Anisocytosis and leukocytosis are independently related to survival after transcatheter aortic valve replacement
Transcatheter aortic valve replacement (TAVR) has recently emerged as an alternative to surgical aortic valve replacement in patients with severe aortic stenosis and elevated surgical risk.1,2 Despite low short-term mortality and durable valve function, many patients experience adverse events and death at intermediate and late time points. Two-year mortality remains high (17–40%)3,4 in this treated population, presumably due to the burden of cardiovascular and noncardiovascular comorbidities.5 Traditional surgical risk scores for patients with aortic stenosis provide only modest risk discrimination when applied to TAVR.6 Thus, improved methods to identify individuals who remain at high risk after TAVR are needed.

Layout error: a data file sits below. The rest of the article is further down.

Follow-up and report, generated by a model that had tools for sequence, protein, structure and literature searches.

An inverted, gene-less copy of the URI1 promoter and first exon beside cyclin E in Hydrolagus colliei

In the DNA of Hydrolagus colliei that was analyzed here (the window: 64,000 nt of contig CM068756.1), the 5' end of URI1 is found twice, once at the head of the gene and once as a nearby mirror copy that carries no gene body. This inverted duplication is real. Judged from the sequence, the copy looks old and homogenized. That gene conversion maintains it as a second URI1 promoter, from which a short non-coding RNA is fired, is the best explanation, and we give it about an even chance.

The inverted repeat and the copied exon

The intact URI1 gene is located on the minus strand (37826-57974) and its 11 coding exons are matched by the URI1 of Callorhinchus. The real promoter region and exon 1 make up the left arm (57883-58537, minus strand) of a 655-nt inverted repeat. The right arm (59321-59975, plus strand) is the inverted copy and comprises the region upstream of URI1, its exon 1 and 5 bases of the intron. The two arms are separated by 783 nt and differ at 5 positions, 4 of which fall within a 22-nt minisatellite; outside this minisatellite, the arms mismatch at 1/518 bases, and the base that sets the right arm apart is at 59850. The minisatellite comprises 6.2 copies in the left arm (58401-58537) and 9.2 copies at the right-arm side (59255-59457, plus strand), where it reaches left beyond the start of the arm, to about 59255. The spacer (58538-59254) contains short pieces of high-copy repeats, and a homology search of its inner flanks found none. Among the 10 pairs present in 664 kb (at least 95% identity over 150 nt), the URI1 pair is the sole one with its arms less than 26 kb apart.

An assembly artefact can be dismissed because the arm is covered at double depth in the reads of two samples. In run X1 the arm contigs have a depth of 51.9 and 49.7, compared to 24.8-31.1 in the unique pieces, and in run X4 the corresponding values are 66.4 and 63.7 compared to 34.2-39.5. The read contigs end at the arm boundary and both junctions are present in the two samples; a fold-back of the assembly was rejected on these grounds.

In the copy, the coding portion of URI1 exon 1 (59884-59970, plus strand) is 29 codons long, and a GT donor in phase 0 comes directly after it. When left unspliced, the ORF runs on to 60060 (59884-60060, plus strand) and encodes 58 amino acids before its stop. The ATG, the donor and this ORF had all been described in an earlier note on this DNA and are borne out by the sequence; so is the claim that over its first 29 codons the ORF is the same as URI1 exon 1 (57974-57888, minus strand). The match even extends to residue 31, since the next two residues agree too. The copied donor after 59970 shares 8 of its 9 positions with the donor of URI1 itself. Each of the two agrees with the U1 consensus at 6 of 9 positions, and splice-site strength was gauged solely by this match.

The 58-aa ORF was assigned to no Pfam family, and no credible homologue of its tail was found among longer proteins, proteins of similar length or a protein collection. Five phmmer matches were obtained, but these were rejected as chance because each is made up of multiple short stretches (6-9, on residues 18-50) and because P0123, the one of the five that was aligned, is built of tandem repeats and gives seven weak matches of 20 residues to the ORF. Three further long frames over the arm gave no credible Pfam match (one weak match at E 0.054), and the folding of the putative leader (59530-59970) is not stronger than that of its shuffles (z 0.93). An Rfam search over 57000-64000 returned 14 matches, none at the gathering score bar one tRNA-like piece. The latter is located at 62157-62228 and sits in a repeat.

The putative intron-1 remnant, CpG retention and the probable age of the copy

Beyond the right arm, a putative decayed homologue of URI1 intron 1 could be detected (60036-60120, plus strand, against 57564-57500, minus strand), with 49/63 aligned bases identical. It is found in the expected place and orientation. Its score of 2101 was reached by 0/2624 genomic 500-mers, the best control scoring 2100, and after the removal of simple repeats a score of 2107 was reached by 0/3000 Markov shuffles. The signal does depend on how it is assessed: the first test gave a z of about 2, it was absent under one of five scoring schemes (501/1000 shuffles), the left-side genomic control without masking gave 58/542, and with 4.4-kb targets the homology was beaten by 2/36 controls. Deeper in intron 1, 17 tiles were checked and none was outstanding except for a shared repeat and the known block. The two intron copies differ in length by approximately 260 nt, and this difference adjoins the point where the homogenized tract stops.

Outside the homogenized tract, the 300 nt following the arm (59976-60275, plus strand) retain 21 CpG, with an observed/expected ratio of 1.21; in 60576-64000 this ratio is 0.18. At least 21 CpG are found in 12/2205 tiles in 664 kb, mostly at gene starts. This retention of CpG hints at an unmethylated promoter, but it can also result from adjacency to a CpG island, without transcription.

Leukocytosis is a common clinical marker of an individual's response to injury. The distribution of red blood cell size has been shown to reflect bone marrow responsiveness and chronic inflammation.7 Thus, we sought to determine whether baseline and early postprocedural perturbations in blood cell indices are associated with survival after TAVR.